Mumbai: “I am not a victim, I am a survivor,” says Daulat BiKhan, 38-year-old resident of Bandra, who fought her way for 10 years after an acid attack in 2010, finally to start a supermarket to provide employment and raise money for acid attack victims during the Covid-19 pandemic.
BiKhan’s supermarket in Bandra has acid survivors working as employees. “We do not believe in charity and living at the mercy of anyone. We want to empower ourselves and be self-sustainable. Having a job and earning money is extremely important for us. This is my small effort to help those who have survived amidst the financial crisis due to the coronavirus pandemic,” BiKhan said.
Through this supermarket and her NGO, Acid Survivors Saahas Foundation, Daulat BiKhan is helping 52 other acid attack survivors. BiKhan said, “We need financial assistance for medical surgeries. We are forced to go to private hospitals as government and municipal hospitals are currently full of Covid-19 patients. The treatment in private hospitals is expensive. In addition, no one is ready to give us jobs post the attack.”
Daulat BiKhan, who worked as a makeup artist, faced an acid attack in 2010 by her own family members. BiKhan said, “I can never forget the day when my own elder sister and her husband threw acid on me. It still haunts me. I had to undergo 17 surgeries because my face was disfigured and many exposed parts of my body were burned.”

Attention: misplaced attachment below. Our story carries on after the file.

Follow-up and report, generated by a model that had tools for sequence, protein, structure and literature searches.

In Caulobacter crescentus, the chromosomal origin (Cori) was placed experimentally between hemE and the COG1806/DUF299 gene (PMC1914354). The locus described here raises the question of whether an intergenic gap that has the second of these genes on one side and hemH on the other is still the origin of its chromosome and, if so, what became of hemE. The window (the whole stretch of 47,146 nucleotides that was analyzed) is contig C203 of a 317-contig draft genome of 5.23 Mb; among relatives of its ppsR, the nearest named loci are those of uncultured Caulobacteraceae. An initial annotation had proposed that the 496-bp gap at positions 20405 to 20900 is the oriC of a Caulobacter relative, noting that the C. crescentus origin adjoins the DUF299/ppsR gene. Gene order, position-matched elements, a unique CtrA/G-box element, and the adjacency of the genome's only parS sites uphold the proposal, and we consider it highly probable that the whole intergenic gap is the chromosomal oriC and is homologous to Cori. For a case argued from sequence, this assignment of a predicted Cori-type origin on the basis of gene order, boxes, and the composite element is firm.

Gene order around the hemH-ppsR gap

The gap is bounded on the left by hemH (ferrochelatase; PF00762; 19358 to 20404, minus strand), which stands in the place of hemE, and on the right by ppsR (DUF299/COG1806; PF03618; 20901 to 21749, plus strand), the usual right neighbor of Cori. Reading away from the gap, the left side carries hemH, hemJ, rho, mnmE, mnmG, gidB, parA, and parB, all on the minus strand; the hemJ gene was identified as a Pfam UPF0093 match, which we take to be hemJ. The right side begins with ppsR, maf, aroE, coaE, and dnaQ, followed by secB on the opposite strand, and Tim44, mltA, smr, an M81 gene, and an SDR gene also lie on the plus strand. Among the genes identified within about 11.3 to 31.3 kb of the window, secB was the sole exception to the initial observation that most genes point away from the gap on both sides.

Through Saahas Foundation, BiKhan aims to empower acid survivors, help them find a job, and get medical treatment for their surgeries. BiKhan said, “Many acid attack survivors are treated as untouchables post the attack. They lose their self-esteem. I want to do my bit to help these survivors restart their life, and become financially independent. Even if we have faced an acid attack, our life does not and should not stop.”
BiKhan has appealed to the state government to provide medical and financial aid to acid attack survivors during the pandemic. BiKhan said, “First of all, acid should not be easily sold in the market. A miniscule quantity of cheap acid can disrupt the entire life of a person. The laws and police action should be stringent where acid survivors are taken care by the government and the accused are punished. NGOs should not be pretentious but literally work at the ground level to help victims. And survivors should not think of themselves as weak humans but stand up and start their life again. The state government should provide medical assistance and financial aid to survivors during such tough times.”